Allen Iverson's debut with the Detroit Pistons wasn't the celebratory occasion the nine-time All-Star hoped it would be. His first game in Detroit as a member of the club figures to be another tough game.

After suffering their first loss in Iverson's debut, the Pistons hope his first home game in their uniform goes differently, though it won't be easy Sunday because they are facing the Boston Celtics in the teams' first meeting since last season's Eastern Conference finals.

Iverson has said the trade that brought him to Detroit (4-1) from Denver on Monday gives him the best chance of his 13-season career to win an NBA title.

The road to the championship could easily lead through the Celtics (5-1), who won their 17th title last season after offseason trades brought in Kevin Garnett and Ray Allen.

The Pistons hope their acquisition of Iverson can yield similar results, but they struggled in his debut Friday night, shooting a season-low 37.3 percent from the field in a 103-96 road loss to New Jersey.

Iverson, whose first game was delayed while former Detroit guard Chauncey Billups completed his physical for Denver, had 24 points and six assists while shooting 6-for-12.

"It was a good feeling for me," said Iverson, the 2000-01 league MVP and a four-time scoring champion. "I haven't been able to play for a while so it was good to get back on the basketball court. I'll try to get a little bit of my rust off.

"Overall, it was a great experience for me. I felt fine out there, and we only can get better."

Detroit coach Michael Curry, who suffered his first loss as a head coach, said he wasn't worried about a long adjustment period for Iverson and the Pistons.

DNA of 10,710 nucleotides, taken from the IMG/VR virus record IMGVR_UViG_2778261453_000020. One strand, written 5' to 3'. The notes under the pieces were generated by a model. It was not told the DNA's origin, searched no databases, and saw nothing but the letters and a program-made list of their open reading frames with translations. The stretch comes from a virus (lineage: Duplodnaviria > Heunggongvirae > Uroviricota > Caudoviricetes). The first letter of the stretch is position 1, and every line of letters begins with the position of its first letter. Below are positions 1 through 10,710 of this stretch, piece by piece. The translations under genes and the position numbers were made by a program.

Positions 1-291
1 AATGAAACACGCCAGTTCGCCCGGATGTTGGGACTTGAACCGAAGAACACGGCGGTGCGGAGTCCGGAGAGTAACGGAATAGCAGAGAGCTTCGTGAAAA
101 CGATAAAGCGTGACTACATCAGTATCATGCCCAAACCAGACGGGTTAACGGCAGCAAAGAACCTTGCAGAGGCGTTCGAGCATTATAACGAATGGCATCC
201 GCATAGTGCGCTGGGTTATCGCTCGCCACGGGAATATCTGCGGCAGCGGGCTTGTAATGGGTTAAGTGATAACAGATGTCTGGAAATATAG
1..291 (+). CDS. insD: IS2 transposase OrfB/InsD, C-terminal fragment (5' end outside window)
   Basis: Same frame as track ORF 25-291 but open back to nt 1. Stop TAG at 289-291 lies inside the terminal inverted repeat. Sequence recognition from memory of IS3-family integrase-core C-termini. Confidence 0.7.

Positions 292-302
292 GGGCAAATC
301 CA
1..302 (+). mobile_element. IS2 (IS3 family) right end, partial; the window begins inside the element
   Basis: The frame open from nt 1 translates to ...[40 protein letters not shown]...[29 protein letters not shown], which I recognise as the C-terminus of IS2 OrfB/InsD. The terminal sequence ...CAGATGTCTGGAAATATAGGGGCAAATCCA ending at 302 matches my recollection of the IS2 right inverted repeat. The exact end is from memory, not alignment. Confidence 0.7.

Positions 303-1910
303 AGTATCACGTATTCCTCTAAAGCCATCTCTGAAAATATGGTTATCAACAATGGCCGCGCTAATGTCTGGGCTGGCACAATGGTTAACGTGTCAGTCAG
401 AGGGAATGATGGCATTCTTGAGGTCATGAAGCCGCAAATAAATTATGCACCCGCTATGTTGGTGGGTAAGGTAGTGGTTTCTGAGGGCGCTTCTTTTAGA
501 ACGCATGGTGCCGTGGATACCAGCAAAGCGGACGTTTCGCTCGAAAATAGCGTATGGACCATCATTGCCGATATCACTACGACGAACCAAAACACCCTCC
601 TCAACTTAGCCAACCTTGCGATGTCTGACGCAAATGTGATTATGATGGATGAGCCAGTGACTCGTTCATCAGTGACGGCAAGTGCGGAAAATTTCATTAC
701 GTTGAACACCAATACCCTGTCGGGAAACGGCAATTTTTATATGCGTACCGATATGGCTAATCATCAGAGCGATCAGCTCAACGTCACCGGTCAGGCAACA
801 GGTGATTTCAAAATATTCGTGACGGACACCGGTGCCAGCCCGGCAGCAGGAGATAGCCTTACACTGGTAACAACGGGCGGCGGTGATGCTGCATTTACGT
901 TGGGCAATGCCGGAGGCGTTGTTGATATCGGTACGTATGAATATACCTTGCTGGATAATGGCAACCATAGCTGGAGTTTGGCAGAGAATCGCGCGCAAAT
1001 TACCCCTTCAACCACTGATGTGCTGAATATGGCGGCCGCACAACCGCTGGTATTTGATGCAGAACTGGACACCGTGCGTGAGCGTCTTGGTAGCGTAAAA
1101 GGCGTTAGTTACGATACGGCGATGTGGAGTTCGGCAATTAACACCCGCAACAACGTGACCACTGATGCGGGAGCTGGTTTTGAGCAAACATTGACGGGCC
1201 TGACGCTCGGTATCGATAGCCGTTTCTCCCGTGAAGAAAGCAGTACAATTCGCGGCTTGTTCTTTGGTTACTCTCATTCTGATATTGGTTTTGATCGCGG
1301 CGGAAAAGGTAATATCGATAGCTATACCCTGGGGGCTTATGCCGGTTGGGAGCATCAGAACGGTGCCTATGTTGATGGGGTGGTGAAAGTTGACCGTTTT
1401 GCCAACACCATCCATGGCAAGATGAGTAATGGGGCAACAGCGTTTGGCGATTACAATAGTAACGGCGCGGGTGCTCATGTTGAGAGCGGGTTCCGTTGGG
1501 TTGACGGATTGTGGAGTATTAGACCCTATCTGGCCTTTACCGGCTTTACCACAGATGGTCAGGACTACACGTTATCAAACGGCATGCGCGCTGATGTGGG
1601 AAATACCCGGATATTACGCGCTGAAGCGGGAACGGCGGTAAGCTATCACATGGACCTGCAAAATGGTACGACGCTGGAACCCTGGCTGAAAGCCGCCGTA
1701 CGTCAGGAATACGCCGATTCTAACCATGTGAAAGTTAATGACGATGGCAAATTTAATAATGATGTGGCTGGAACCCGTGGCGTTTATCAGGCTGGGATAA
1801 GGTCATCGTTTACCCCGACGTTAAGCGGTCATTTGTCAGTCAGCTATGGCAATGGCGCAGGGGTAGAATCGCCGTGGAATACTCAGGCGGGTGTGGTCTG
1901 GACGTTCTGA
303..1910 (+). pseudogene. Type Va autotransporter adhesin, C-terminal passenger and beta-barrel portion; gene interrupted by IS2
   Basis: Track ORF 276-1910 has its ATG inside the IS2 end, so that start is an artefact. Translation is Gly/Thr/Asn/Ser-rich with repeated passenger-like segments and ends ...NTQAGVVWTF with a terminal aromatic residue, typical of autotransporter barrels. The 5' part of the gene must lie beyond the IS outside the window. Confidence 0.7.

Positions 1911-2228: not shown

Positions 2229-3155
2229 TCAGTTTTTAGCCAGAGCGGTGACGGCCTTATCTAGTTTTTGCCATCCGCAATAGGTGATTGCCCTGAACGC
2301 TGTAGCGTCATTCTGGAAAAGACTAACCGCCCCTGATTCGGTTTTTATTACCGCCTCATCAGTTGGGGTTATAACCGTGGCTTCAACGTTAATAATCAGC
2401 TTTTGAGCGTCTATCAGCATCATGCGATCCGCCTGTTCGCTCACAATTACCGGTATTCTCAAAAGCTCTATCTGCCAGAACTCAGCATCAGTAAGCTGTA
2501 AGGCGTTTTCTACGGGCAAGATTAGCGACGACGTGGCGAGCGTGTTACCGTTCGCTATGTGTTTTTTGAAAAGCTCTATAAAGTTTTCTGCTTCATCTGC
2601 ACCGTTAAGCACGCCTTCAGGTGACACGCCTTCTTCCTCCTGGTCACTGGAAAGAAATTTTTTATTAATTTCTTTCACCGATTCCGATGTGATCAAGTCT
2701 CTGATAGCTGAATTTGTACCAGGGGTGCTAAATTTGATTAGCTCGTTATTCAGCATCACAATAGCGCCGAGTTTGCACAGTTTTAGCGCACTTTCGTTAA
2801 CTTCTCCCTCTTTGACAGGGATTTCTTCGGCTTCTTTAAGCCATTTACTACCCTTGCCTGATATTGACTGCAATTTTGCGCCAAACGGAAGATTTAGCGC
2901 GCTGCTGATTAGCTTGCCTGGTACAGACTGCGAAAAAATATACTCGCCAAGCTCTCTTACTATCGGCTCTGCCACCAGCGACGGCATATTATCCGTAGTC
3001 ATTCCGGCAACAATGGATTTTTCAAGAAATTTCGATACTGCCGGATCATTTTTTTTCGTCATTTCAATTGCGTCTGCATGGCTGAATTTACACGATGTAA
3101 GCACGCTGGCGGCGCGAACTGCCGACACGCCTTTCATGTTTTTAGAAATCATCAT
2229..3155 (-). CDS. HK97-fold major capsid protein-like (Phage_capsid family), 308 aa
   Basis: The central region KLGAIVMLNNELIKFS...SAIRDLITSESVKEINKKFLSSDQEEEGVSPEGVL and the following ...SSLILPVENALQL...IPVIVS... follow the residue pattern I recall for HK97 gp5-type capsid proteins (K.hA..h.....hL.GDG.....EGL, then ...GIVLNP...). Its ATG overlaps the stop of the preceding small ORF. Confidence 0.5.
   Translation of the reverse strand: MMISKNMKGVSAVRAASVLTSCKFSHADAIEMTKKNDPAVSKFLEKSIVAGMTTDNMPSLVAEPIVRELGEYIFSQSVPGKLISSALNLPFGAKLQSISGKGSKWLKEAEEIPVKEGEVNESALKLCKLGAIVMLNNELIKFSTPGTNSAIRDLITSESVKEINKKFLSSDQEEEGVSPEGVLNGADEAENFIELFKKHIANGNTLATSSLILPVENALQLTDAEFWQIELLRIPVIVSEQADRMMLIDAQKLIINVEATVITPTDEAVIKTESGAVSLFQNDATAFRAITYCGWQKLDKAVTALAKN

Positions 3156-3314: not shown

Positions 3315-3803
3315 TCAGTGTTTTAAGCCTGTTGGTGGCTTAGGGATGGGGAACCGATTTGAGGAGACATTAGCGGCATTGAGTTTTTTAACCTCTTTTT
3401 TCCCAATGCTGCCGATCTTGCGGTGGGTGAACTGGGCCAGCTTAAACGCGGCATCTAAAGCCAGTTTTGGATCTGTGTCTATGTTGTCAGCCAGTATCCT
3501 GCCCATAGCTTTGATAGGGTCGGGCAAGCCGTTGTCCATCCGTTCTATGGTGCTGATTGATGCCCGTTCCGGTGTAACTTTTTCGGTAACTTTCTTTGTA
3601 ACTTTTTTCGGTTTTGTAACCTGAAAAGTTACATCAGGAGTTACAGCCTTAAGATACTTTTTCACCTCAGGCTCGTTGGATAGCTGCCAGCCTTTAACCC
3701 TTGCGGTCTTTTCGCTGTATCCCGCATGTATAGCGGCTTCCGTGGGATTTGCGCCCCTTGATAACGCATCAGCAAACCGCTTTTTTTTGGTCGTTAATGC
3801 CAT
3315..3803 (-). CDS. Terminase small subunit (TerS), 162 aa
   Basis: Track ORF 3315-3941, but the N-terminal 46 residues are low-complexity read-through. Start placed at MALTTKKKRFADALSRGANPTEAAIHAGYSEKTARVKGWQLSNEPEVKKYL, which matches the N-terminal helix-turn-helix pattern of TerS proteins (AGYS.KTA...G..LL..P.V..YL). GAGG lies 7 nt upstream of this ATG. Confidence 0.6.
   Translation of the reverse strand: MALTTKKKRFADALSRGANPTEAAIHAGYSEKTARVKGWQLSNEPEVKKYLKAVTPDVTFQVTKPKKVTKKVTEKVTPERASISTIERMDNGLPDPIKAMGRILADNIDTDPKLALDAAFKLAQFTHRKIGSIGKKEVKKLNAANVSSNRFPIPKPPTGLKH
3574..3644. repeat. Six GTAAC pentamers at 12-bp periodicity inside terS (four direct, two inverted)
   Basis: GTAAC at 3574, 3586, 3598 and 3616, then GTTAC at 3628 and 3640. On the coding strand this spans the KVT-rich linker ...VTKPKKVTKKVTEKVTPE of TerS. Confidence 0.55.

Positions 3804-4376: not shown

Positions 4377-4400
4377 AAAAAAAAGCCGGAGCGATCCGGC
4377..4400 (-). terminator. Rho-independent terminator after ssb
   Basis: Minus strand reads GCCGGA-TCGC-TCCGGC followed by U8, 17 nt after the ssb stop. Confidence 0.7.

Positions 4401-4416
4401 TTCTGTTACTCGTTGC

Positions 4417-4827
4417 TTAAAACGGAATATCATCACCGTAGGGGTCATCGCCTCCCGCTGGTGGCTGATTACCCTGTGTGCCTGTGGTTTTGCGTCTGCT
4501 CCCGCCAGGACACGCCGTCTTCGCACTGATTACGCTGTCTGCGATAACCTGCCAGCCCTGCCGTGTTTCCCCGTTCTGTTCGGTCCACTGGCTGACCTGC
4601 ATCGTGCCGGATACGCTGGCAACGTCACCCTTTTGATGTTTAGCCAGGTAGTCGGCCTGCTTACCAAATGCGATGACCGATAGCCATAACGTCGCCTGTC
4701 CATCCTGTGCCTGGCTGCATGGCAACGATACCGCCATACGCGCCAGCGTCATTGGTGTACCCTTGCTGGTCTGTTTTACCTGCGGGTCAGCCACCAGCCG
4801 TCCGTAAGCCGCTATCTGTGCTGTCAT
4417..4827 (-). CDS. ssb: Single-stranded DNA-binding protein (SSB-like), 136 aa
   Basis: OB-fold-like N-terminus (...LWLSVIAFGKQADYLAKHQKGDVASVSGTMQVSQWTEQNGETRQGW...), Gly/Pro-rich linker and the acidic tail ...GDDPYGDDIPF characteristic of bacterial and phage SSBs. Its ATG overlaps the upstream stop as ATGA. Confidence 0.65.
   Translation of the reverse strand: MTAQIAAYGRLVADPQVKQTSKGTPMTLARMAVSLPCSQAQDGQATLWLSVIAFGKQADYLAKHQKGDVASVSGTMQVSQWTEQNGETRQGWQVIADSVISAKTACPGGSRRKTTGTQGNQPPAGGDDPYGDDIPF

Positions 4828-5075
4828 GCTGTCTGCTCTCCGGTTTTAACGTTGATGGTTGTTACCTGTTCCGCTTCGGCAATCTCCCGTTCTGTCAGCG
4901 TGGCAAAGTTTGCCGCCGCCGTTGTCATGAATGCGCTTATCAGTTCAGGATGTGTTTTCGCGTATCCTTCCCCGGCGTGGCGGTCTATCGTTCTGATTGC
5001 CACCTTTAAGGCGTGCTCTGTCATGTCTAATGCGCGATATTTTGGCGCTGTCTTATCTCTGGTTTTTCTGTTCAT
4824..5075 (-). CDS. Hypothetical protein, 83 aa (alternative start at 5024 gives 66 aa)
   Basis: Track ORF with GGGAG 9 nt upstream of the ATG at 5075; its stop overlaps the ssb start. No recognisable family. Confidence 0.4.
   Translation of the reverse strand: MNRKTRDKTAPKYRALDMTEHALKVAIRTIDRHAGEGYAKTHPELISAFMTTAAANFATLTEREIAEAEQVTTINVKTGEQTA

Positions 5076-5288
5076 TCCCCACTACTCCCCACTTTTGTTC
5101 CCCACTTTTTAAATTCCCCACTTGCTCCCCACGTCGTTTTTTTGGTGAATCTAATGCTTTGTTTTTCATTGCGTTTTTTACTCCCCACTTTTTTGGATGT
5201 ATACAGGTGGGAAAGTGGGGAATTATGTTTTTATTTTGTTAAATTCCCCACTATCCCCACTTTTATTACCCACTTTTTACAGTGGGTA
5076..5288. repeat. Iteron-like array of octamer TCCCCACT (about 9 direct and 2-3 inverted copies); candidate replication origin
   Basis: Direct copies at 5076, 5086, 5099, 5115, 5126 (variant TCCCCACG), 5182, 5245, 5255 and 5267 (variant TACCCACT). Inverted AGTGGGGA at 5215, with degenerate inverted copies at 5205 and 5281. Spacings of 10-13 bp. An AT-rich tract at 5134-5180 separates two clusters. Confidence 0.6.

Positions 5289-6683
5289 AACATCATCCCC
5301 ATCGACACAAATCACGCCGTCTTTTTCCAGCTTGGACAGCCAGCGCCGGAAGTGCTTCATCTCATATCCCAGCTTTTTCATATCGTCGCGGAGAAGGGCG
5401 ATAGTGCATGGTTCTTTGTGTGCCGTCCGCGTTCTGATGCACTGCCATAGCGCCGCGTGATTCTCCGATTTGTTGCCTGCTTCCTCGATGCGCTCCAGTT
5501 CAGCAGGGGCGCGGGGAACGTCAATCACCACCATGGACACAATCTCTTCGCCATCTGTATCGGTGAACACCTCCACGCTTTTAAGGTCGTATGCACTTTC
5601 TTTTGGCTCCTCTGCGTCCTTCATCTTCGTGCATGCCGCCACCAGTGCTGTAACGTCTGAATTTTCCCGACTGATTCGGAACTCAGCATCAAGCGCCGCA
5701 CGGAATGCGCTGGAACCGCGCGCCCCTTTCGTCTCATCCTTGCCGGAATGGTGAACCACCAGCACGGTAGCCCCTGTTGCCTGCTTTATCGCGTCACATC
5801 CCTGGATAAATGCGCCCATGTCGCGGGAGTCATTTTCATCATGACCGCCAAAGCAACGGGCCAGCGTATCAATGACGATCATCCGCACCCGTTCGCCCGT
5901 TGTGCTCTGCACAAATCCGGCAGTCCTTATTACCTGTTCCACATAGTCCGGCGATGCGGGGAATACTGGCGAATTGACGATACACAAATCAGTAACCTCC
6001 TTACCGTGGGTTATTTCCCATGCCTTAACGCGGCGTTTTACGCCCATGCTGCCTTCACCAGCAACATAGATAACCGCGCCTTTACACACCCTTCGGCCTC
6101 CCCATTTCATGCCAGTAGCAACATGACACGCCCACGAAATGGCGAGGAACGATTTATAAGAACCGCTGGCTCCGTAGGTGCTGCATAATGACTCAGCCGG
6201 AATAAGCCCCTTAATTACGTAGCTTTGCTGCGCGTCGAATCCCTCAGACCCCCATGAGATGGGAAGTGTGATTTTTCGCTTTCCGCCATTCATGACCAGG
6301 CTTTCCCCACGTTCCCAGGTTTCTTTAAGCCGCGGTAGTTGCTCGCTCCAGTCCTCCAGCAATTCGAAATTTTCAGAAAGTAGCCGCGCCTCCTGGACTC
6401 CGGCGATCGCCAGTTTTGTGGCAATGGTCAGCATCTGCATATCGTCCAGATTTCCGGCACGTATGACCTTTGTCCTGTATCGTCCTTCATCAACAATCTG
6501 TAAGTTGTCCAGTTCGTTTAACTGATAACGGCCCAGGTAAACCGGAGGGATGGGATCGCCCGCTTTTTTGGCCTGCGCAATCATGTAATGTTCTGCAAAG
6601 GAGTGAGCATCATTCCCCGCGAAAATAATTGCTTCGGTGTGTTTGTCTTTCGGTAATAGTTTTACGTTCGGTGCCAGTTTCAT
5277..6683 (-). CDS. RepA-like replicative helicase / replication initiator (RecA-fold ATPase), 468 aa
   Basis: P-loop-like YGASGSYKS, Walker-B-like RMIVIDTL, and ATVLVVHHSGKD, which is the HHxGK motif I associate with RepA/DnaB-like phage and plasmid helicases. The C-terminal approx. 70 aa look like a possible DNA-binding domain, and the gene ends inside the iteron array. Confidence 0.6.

"I thought AI played really good. (He) moved the basketball, tried to do the things we wanted to do defensively and played within himself offensively," Curry told the Pistons' official Web site. "Those guys, they're good enough scorers, they'll figure it out. We had open shots - a ton of them - that we missed. I'll take that. We'll make shots, as I've said all along."

Iverson, though, has not done his best shooting at The Palace of Auburn Hills, where he's averaged 24.4 points while making 40.1 percent from the field.

The Pistons haven't lost there since dropping Game 6 of the conference finals as Boston wrapped up a trip to the NBA finals. Including that series and the regular-season series in which the Celtics won two of three meetings, the Pistons were held to 87.7 points per game and 42.7 percent shooting.

Boston's defense has been stifling this season, leading the league in opponent's field-goal percentage at 38.0. After giving up 30 points to Milwaukee in the first quarter Friday night, the Celtics outscored the Bucks 78-59 the rest of the way to win 101-89.

"When you get used to winning, you're like, 'We're going to get back in this game,'" said forward Paul Pierce, who had 18 points, 10 rebounds and seven assists. "We've just got to settle down, play our brand of basketball and everything will be all right."

In two meetings with the Celtics last season, Iverson averaged 25.0 points and 6.5 assists.


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